On how he made Chucky run: “The scene with the babysitter, when she’s reading and all of a sudden you see Chucky run by in the archway behind her – that’s Alex Vincent’s little sister wearing Chucky pajamas. On one side is the mother with the little girl, and on the other side of the archway, hidden behind the flats, was a social worker. There was no way you were ever gonna get that doll to be able to move like that, so I used this little three-year-old girl who could stay erect as long as she ran at a breakneck pace straight ahead. And that was out of desperation.”
On the Chucky dolls used for filming: “[Chucky] was a real actual doll model. There were a few bodies, but there were, like, 17 or 18 different heads. Every head had a different expression, from benign to I’m-gonna-rip-your-throat-out… You know when they remake it that [expletive] doll will be CGI up the [expletive]. And I tell you, it won’t have the same terror.”
On the Chucky dolls’ useless hands: “The doll couldn’t grasp the knife. We made the knife out of aluminum because it had to be as light as possible. We wired it on the doll’s hand because you couldn’t get the hand to grip. You could make the fingers move, but you couldn’t get a solid enough grip on the knife. It was literally locked into place on the doll’s hand. It doesn’t sound like a big deal, but when you’re sitting there with a whole crew and its costing $30,000 an hour, these were all enormous problems.”
On the Chucky dolls’ puppeteers: “The puppeteers were underneath looking at the doll on TV sets. We had cameras set up looking at the doll to try to give the puppeteers some sense of what the camera was seeing. However, the image was reversed and they didn’t know how to cure that then, so the puppeteers were looking at everything that was left-to-right, but it was filming right-to-left. The doll’s eye-line would have to be right so it looked as though it were looking at the actor. We had a terrible time controlling the doll’s eyes, and so we would just sit there and I would just shoot the [expletive] thing until the film ran out, again and again.”
On the “Fright Night” scene that still bothers him: “There’s a shot where Chris Sarandon, Jerry Dandrige, is in the mother’s bedroom, stops over the mother, and then, once he makes sure that she’s sleeping, he turns and he exits the room to go kill her son Charlie. And as he exits, he passes a mirror and he doesn’t have a reflection in the mirror. Nobody notices the shot, because it was too wide. I had to go in from a wide shot from a different angle – a tighter framing of that mirror – to see him pass, to pump it up. And I bet you don’t remember the moment and almost nobody does. That’s because it doesn’t work. But that shot cost a lot of money.”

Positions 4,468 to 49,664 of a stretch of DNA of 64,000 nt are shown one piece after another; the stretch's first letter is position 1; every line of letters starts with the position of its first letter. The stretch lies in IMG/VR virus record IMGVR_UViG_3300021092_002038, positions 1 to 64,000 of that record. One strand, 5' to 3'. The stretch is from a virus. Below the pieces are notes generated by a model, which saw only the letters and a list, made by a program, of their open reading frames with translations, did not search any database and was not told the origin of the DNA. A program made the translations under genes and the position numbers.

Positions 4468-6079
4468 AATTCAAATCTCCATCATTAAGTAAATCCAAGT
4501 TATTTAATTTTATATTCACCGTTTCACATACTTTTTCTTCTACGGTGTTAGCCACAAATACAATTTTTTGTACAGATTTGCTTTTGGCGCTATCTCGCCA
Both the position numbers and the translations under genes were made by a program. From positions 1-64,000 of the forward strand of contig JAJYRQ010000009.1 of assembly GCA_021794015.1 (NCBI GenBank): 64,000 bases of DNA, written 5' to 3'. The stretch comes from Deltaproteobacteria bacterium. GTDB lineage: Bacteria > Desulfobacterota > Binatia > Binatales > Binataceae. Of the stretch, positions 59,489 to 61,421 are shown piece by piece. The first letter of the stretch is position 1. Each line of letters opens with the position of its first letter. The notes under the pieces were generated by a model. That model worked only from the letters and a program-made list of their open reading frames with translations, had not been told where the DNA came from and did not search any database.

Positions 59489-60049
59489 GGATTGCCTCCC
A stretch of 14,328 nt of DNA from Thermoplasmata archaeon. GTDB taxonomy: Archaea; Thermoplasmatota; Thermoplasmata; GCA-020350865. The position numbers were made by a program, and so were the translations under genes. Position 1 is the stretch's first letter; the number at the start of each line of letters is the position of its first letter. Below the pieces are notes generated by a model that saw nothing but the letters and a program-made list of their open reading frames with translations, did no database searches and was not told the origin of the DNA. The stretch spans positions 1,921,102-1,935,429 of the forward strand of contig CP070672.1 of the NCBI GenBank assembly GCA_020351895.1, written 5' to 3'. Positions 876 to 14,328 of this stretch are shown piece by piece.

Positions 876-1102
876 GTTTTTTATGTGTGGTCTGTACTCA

On actor Chris Sarandon: “He’s a terrific guy – a little phlegmatic. [laughs] There’s an old line: Be careful of what you first succeed at in Hollywood, because that’s what you’ll be doing for the rest of your life.”
On his movie memorabilia: “I happen to have the props from ‘Fright Night’ here. I have the bat, I have the werewolf head and I have the armature of Jerry Dandrige burning at the end of the movie. I must tell you, I’m proud of it myself. I’ve got two of them in display cases. The bat has a five-and-a-half-foot wingspan when it’s full extended and I’ve got it lit and it is just [expletive] beautiful. My wife keeps yelling at me that I’m turning our living room into a horror museum, but people really get a kick out of when they come.”
See Tom Holland introduce an Awesome Fest double-feature screening of “Child’s Play” and “Fright Night” at the Parx Casino East Picnic Grove on June 22, starting at 9 p.m. “Tom Holland’s Twisted Tales’ comes to FEARnet in November.
The opinions expressed are solely those of the author and do not necessarily reflect the views of Comcast.